Then Almost All Lost Again

Emerging triumphantly from his self-imposed eight-year "sabbatical" in the forest ashram, Professor Venkatraman was initiated into the holy order of sannyasa (renunciate) as Bharati Krishna Tirthaji Maharaja by Trivikrama Tirthaji Maharaja, the Shankaracharya of Sharadapith in Benares (Varanasi) in 1919 at the age of 35. Within two years, he became the next Shankaracharya there. He was marked out for greater responsibility by the Shankaracharya of Govardhana Pith in the holy city of Jagannatha Puri, Shri Madhusudana Tirtha, who wanted to hand over his position due to failing health. This is the same magnanimous personality who some twenty years earlier had cordially received and assisted the great Vaishnava scholar and devotee, Shrila Bhaktisiddhanta Sarasvati Thakura, the foremost mathematician and Vedic astrologer of his time.

From 1902-1904, Shrila Bhaktisiddhanta was staying in the Bhakti Kutir of his father, Shrila Bhaktivinoda Thakur, in Jagannatha Puri, just 100 yards from the Govardhana Matha. He frequently visited the Matha and discoursed with Shri Madhusudana. This is described in the newly-released biography, Sri Bhaktisiddhanta Vaibhava compiled by his grand-disciple, HH Bhakti Vikasa Swami:

    "Sri Madhusudana, head of the Matha, treated Sri Siddhanta Sarasvati respectfully, personally guided him in his research, and gave him free access to the extensive Matha library. In fact, Sri Siddhanta spent so much time discussing monism with Sri Madhusudana Tirtha that some people suspected that he might join the impersonalists' camp." (Srila Bhaktisiddhanta would go on to found the Gaudiya-Vaisnava Matha and open up 64 temples and preaching centres in India. His disciple, Srila Bhaktivedanta Swami Prabhupada, would later found the International Society for Krishna Consciousness and spread the bhakti movement around the world.) In 1925, Shankaracharya Madhusudana fell seriously ill and insisted on handing over his mantle to Bharati Krishna Tirthaji Maharaja, who in deference to his order, appointed Sri Svarupanandji to head Sharadapith and went to Jagannatha Puri to become the Shankaracharya there and dedicated the rest of his life travelling and preaching both philosophy and science. Among the books on philosophy he wrote is a title on Sanatana Dharma (the Eternal Religion of the Soul). His lectures and demonstrations on mathematics were well-received by academicians and students in colleges and universities all across the country and were also highlighted by the media.

    The Maharaja wrote 16 volumes on the detailed application of his 16 Sanskrit sutras in mathematics, one volume for each sutra. He was firmly convinced of their wide scope of application: "The sutras apply to and cover each and every part of each and every chapter of each and every branch of mathematics (including arithmetic, algebra, geometry - plane and solid, trigonometry - plane and spherical, conics - geometrical and analytical, astronomy, calculus - differential and integral, etc). In fact, there is no part of mathematics, pure or applied, which is beyond their jurisdiction."

The manuscripts of the 16 volumes were deposited in the house of one of his disciples in Nagpur for safe-keeping prior to being published. However before they could be published, the manuscripts vanished. This tremendous loss of scientific knowledge remains an unsolved mystery till today. Some reports alleged that the manuscripts were illegally acquired and taken out of the country by a foreigner. When the loss of his works was finally reported to the Maharaja, he remained unperturbed and said that everything was still there in his memory and that he could re-write the entire 16 volumes all over again from his retentive memory. But as the Shankaracharya, he had many more pressing duties and demands on his time to attend to first.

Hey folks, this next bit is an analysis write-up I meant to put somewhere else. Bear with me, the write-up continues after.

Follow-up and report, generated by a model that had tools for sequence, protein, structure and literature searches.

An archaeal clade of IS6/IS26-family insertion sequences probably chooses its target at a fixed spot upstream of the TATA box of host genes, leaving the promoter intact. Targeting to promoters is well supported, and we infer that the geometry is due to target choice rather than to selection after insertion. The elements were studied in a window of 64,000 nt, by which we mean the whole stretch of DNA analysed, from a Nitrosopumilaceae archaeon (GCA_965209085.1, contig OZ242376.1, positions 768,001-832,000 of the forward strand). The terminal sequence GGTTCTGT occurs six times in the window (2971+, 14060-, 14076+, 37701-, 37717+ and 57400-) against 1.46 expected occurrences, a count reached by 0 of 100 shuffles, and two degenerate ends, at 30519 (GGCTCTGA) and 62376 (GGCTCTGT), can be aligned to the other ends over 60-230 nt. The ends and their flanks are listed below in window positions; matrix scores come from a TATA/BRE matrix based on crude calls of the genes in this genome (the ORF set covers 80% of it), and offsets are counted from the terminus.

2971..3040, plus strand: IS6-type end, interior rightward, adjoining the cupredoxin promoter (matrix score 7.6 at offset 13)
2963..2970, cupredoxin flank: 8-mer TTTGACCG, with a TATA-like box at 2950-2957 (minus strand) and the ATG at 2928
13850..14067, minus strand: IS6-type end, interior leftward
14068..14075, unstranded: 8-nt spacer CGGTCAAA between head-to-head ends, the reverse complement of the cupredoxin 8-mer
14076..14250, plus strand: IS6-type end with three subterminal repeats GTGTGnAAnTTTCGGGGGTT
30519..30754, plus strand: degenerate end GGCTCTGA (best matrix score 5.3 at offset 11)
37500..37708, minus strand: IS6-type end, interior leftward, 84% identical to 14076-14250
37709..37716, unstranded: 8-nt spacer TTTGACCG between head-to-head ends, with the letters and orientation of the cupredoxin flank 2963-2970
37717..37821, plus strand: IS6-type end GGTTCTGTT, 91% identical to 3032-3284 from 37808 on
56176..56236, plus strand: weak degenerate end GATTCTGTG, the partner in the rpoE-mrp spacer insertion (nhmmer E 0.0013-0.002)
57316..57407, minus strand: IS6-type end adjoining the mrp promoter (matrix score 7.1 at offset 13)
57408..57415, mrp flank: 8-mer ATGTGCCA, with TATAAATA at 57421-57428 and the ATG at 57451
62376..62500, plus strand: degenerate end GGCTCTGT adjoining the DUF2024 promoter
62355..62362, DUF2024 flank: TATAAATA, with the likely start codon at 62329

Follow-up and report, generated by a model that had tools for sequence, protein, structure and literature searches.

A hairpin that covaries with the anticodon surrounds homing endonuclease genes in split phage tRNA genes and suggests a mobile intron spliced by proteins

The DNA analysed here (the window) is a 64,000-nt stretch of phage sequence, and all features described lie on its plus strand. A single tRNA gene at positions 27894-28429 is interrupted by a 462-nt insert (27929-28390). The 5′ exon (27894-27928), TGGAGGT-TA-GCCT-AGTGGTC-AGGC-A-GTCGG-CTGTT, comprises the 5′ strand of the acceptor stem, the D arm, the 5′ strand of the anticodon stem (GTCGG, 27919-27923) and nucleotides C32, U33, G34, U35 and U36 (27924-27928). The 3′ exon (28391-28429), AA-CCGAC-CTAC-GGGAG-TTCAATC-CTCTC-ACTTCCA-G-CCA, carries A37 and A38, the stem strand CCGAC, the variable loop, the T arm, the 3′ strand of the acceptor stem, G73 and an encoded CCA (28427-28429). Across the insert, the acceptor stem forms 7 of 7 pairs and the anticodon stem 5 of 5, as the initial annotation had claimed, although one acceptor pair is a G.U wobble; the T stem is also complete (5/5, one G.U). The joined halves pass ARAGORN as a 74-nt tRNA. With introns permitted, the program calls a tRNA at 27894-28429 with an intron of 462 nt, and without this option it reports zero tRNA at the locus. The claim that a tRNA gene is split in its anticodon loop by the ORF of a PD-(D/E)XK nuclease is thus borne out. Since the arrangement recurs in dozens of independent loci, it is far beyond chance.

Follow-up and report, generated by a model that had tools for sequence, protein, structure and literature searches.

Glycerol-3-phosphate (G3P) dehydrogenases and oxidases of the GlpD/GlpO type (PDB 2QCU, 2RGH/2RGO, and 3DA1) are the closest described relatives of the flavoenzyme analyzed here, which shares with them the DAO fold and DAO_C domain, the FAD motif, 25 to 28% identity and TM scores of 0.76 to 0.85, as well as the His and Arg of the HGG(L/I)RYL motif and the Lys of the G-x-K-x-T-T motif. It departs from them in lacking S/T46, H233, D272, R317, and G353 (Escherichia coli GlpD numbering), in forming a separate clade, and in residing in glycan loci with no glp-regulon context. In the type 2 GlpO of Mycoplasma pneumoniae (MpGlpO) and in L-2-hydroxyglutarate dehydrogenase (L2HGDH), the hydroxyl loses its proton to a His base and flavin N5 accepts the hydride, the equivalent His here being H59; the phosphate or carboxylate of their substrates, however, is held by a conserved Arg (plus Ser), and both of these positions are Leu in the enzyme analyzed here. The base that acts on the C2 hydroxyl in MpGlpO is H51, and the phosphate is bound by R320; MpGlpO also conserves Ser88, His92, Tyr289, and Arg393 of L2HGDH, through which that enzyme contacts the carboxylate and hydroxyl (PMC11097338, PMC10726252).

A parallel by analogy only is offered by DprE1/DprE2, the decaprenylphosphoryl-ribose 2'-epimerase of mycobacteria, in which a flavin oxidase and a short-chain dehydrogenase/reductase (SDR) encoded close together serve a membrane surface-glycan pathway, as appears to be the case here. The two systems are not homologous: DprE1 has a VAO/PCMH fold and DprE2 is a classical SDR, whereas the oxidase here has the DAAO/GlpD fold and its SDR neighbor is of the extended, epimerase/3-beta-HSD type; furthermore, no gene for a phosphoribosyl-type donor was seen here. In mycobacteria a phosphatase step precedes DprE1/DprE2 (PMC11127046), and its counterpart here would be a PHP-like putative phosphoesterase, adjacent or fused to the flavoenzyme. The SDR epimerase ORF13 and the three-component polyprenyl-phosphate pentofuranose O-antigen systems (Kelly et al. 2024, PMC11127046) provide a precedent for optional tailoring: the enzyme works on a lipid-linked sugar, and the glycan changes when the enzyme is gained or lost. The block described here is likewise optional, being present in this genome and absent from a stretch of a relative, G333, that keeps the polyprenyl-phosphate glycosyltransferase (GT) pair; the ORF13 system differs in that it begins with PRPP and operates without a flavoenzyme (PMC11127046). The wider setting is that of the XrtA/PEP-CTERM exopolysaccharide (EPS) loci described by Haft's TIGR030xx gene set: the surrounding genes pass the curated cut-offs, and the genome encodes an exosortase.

In 1957, at the age of 73, the Shankaracharya finally started on the task of re-writing the 16 volumes from memory. He completed the first manuscript, an introductory volume, before embarking, in February 1958, on a three-month tour of the United States and the United Kingdom where he gave hundreds of classes, lectures and demonstrations on science and religion. This is the first time in history that a Shankaracharya broke with established tradition and crossed the Indian Ocean to preach. He dazzled rapt audiences in colleges, universities, churches and other public institutions with his discourses. He gave demonstrations of his mathematical wizardry on television too. He also left behind his sole manuscript to be published in the USA.

After returning to India in May 1958, the Shankaracharya continued his strenuous schedule of travelling and preaching until his health deteriorated. The following year, he fell seriously ill. On February 2, 1960, the Shankaracharya attained samadhi in Mumbai at age 76. His manuscript was brought back to India and published posthumously by his followers under the title Vedic Mathematics. The task of re-writing the 16 volumes was thus left uncompleted. However with the single manuscript that he has left behind, he has successfully planted the seeds in a fertile research field for future scientists and mathematicians to explore and expand.

With the sutras, mathematical formulae and shortcuts, clues and pointers in his introductory volume, the Shankaracharya has bequeathed to modern science a magnificent link to the knowledge of the ancients. Although some academicians, unable to find fault with his mathematics, chose instead to question the authenticity of his Sanskrit sutras, their carping has been overshadowed by the tremendous interest in his work by students in India and other parts of the world who are benefiting from the simple, speedy techniques of calculation he unearthed. The ground-breaking work of the mathematics professor who became renunciate preacher and Shankaracharya continues to be a boon for students facing competitive examinations today.